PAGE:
FLASH FLOOD, noun. A sudden, rapid flood, usually of short duration and local impact
FLASH FLOODS, noun. Plural of flash flood
FLASH FOR CASH, adjective. (UK) (informal) pertaining to a scam where a motorist flashes their headlights to indicate to another driver to proceed against normal give-way rules, then runs in to them and sues for damages.
FLASH FOR CASH, adjective. (AU) (informal) pertaining to speed cameras.
FLASH FRAME, noun. In video or film editing, a flash frame is a very short shot (usually one frame, but occasionally several) that appears in a sequence of images. Flash Frames are usually inadvertent and result from either an editing mistake or an equipment problem. From time to time, however, they are inserted intentionally for creative reasons.
FLASH FRAMES, noun. Plural of flash frame
FLASH GRENADE, noun. A flashbang.
FLASH GRENADES, noun. Plural of flash grenade
FLASH HOUSE, noun. (obsolete) A brothel.
FLASH HOUSES, noun. Plural of flash house
FLASH IN THE PAN, noun. (idiomatic) A transient occurrence with no long-term effect.
FLASH IN THE PAN, noun. (idiomatic) A career notable for early success not followed by significant accomplishment.
FLASH LOCK, noun. (Waterways) A simple single gate lock on a river or canal.
FLASH LOCKS, noun. Plural of flash lock
FLASH MEMORY, noun. (computer hardware) A rewritable memory chip that retains its data without a power supply.
FLASH MOB, noun. A group of people who rapidly assemble, perform an unusual and seemingly pointless act, and then quickly disperse.
FLASH MOBBER, noun. Someone who participates in a flash mob.
FLASH MOBS, noun. Plural of flash mob
FLASH PHOTOGRAPHY, noun. Taking photographs using a camera with a flash.
FLASH POINT, noun. The lowest temperature at which a liquid can form an ignitable mixture in air near the surface of the liquid.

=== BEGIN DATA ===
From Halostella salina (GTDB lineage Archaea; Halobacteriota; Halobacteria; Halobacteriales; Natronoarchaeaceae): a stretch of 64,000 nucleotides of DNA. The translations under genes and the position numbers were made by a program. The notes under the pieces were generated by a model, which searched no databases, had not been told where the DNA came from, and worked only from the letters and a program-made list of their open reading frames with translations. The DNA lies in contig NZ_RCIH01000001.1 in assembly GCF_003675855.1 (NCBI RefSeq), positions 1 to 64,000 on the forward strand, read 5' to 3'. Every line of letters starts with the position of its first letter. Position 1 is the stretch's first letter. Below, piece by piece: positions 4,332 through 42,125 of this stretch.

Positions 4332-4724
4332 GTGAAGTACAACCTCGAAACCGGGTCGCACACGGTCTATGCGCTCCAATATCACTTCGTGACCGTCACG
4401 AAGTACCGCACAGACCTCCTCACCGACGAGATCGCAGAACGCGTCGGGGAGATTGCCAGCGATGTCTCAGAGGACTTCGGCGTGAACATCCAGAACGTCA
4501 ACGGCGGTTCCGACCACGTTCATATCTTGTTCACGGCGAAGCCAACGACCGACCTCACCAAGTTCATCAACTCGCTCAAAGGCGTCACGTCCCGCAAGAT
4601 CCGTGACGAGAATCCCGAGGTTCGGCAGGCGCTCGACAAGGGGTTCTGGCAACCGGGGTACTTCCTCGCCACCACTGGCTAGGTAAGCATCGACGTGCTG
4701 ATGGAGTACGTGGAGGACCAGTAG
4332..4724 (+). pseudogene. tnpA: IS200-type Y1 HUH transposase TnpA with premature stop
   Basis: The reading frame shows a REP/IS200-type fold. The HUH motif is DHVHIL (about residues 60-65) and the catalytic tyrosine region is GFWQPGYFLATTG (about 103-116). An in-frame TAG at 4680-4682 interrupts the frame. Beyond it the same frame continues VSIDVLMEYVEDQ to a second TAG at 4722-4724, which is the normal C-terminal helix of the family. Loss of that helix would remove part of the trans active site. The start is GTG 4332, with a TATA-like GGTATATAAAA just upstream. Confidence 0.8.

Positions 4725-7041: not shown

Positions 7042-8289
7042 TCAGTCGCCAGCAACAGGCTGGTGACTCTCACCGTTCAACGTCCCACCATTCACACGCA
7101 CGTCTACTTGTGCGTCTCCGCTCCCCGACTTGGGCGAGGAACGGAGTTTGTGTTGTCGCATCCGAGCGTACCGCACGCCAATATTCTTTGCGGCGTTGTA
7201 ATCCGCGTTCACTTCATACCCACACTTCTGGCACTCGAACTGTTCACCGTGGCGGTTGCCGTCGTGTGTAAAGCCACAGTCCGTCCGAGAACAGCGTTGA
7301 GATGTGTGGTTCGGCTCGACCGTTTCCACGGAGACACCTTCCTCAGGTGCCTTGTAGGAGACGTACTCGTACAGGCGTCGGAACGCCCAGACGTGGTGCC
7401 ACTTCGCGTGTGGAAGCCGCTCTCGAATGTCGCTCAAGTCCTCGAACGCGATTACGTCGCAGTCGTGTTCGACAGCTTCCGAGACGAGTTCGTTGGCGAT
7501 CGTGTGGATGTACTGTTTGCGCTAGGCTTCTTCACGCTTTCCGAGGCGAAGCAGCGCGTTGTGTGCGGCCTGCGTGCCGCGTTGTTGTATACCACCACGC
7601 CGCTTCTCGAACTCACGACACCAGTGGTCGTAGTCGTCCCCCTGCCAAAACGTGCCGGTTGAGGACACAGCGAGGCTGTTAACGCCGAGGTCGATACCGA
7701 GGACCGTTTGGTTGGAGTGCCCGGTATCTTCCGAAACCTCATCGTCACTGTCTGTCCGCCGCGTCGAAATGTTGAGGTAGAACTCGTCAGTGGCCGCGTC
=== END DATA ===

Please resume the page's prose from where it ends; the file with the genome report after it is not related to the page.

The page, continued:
FLASH POINT, noun. (figuratively) A hotspot; a dangerous place of violent political unrest
FLASH POINTS, noun. Plural of flash point
FLASH POWDER, noun. (dated) (photography) A powder that burns with a very rapid flash when ignited; used in early flash photography
FLASH SUPPRESSOR, noun. An attachment to the muzzle of a firearm which reduces the amount of visible light created when fired

Dictionary definition

FLASH, noun. A sudden intense burst of radiant energy.
FLASH, noun. A momentary brightness.
FLASH, noun. A short vivid experience; "a flash of emotion swept over him"; "the flashings of pain were a warning".
FLASH, noun. A sudden brilliant understanding; "he had a flash of intuition".
FLASH, noun. A very short time (as the time it takes the eye to blink or the heart to beat); "if I had the chance I'd do it in a flash".
FLASH, noun. A gaudy outward display.
FLASH, noun. A burst of light used to communicate or illuminate.
FLASH, noun. A short news announcement concerning some on-going news story.
FLASH, noun. A bright patch of color used for decoration or identification; "red flashes adorned the airplane"; "a flash sewn on his sleeve indicated the unit he belonged to".
FLASH, noun. A lamp for providing momentary light to take a photograph.
FLASH, verb. Gleam or glow intermittently; "The lights were flashing".
FLASH, verb. Appear briefly; "The headlines flashed on the screen".
FLASH, verb. Display proudly; act ostentatiously or pretentiously; "he showed off his new sports car".
FLASH, verb. Make known or cause to appear with great speed; "The latest intelligence is flashed to all command posts".
FLASH, verb. Run or move very quickly or hastily; "She dashed into the yard".
FLASH, verb. Expose or show briefly; "he flashed a $100 bill".
FLASH, verb. Protect by covering with a thin sheet of metal; "flash the roof".
FLASH, verb. Emit a brief burst of light; "A shooting star flashed and was gone".
FLASH, adjective. Tastelessly showy; "a flash car"; "a flashy ring"; "garish colors"; "a gaudy costume"; "loud sport shirts"; "a meretricious yet stylish book"; "tawdry ornaments".

Wise words

To use the same words is not a sufficient guarantee of understanding; one must use the same words for the same genus of inward experience; ultimately one must have one's experiences in common.
Friedrich Nietzsche